11
Jan
11

A Very Small Giffords Point I Feel Compelled to Make

I’m reading a lot of stuff today on the Giffords’ shooting, and I have to say, I think every piece I read was filled with really shipshod argumentation, and I’m already pretty underwhelmed by the attempt to grapple with this event. Hopefully I have time to debunk the discourse on this issue at length, but I want to make one simple point that I think is UNTOUCHED by any argument I have seen. This is the point I hold to and I think will probably reiterate countless times in the next few days (unless of course someone has a good strike against it).

Here it is. Say I drive home drunk and swerve to avoid killing someone narrowly. When I get out, I think it would be prudent for me to reflect on my ALMOST disastrous behavior and realize that I shouldn’t take certain risks (at least unless the gains are enormous, maybe I have to get someone to the hospital while drunk and there are no ambulances around. Maybe I should drunk-drive then).

But then the same thing applies to the Gifford tragedy. Pretend that there is no connection, in this case, between political rhetoric and the tragedy, pretend even that IN MOST CASES there is no connection. Also pretend that Republican and Democratic rhetoric is EQUALLY inflammatory. Still there is an argument just like the drunk driving case. When you have an almost tragedy caused by behavior you can prevent you should prevent that behavior.

Here it is in premise conclusion format.

1. If there is some risky behavior that may cause something bad to happen, we should avoid that behavior (absent compensating gains to that behavior).

2. Using certain types of political rhetoric is a type of risky behavior without any compensating gain.

Therefore: We should avoid using certain types of political rhetoric.

This argument goes through whether the Giffords case can be tied to inflammatory rhetoric or not and it goes through regardless of who is using the rhetoric. It does not implicate free speech, and as far as I can tell, does not exploit Giffords’ suffering, but rather ensures that it is not in vain by using it as a reminder.

Pretend I drive drunk and hit someone, only breaking his arm. Does it trivialize their suffering if I use that episode as a mental landmark that prevents me from drunk driving again? No, and we can do the same by not pointing fingers at parties or people, but just realizing that political rhetoric by all sides has damaging consequences.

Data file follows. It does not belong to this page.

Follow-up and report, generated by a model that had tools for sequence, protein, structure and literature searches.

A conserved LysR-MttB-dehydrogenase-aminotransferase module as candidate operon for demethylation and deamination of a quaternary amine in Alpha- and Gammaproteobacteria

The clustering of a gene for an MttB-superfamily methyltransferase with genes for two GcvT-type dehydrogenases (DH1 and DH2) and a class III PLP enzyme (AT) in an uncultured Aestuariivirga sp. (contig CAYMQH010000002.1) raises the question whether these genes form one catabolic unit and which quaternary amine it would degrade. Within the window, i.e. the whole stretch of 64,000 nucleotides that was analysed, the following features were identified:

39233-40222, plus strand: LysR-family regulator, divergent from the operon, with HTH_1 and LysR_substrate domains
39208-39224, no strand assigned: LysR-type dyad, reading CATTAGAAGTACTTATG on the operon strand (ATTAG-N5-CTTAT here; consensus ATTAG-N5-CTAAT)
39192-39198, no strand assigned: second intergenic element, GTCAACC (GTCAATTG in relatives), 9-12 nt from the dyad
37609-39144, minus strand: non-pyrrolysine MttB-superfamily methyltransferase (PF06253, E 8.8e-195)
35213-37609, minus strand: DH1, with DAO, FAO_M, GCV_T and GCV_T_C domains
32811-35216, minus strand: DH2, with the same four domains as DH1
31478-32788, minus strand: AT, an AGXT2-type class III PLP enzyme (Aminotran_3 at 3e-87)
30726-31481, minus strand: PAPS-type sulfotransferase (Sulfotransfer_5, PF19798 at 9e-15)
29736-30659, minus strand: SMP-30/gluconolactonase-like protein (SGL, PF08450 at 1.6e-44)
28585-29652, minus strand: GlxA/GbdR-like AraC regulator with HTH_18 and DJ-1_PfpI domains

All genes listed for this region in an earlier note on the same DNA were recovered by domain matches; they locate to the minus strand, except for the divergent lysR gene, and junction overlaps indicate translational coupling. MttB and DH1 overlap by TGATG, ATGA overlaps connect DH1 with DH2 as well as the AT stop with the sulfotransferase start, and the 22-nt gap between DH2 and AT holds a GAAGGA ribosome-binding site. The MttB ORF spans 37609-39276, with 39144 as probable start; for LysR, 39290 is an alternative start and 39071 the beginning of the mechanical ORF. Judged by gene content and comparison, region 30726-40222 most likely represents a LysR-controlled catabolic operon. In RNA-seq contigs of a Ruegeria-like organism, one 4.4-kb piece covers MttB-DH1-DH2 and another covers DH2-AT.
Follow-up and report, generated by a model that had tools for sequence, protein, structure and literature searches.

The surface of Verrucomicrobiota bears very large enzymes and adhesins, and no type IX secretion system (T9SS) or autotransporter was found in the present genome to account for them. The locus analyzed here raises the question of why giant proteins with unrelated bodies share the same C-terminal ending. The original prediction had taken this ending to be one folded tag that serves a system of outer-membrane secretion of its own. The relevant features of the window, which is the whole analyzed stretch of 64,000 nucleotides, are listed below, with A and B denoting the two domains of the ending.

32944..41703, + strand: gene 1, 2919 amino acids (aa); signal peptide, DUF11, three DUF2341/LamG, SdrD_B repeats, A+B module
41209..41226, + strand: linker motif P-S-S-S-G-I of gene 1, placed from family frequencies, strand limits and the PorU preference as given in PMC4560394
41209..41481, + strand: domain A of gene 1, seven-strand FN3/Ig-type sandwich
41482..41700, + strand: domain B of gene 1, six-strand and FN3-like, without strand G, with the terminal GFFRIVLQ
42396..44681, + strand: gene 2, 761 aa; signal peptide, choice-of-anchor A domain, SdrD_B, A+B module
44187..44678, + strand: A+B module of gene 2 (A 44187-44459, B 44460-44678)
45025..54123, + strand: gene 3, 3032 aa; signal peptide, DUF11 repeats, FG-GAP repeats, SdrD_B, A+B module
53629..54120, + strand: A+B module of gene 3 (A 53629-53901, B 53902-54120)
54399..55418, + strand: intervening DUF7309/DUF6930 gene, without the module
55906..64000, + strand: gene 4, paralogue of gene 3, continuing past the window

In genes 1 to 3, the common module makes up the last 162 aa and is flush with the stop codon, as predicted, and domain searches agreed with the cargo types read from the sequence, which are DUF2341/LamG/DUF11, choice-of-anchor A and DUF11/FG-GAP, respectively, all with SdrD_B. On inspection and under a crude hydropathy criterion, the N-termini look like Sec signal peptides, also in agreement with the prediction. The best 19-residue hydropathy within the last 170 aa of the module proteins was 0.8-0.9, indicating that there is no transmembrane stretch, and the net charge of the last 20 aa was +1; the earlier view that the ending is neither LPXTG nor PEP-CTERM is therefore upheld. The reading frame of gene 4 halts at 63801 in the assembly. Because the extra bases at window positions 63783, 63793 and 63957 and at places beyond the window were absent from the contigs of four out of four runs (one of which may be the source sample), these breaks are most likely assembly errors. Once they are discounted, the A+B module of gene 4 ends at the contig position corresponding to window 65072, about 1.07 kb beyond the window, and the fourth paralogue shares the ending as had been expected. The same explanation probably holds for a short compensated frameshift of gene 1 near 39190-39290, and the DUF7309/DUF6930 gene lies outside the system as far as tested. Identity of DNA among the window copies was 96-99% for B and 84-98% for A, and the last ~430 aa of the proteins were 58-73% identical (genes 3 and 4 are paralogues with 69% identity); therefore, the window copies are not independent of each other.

We can learn, as I’ve tried to argue a thousand times in this blog, that simple politeness and basic argumentative respect might save lives and contributes to a climate of growth and cooperation.

Advertisements

5 Responses to “A Very Small Giffords Point I Feel Compelled to Make”


  1. January 11, 2011 at 5:51 pm

    Inflammatory rhetoric is not going to be effective in convincing someone else about your position; it’s just going to solidify their opposition b/c personal attacks are going to make them defensive. The whole point of “Obama is a socialist” talk and “Bush is a fascist” is to differentiate yourself in the political blogosphere amongst your like-minded pundits (Limbaugh vs. Hannity basically). It’s like if all the world’s preachers were competing solely to the choir and gave up talking to everyone else.

    • 2 questionbeggar
      January 11, 2011 at 8:17 pm

      Agreed. Inflammatory rhetoric is not something that I think is particularly effective, but the Giffords tragedy I think is a cautionary tale that shows us that not only is such rhetoric not effective, but it can do harm. I think it does harm on a psychological, philosophical level, but the recent shooting dramatizes the harmful effect with the most concrete of all consequences: serious injury and death.

  2. January 11, 2011 at 6:16 pm

    I am impressed not by just what you said but the thought process you must have gone through to product it. Best of luck!
    James Pilant
    Pilant’s Business Ethics Blog


Leave a Reply

Fill in your details below or click an icon to log in:

WordPress.com Logo

You are commenting using your WordPress.com account. Log Out / Change )

Twitter picture

You are commenting using your Twitter account. Log Out / Change )

Facebook photo

You are commenting using your Facebook account. Log Out / Change )

Google+ photo

You are commenting using your Google+ account. Log Out / Change )

Connecting to %s



%d bloggers like this: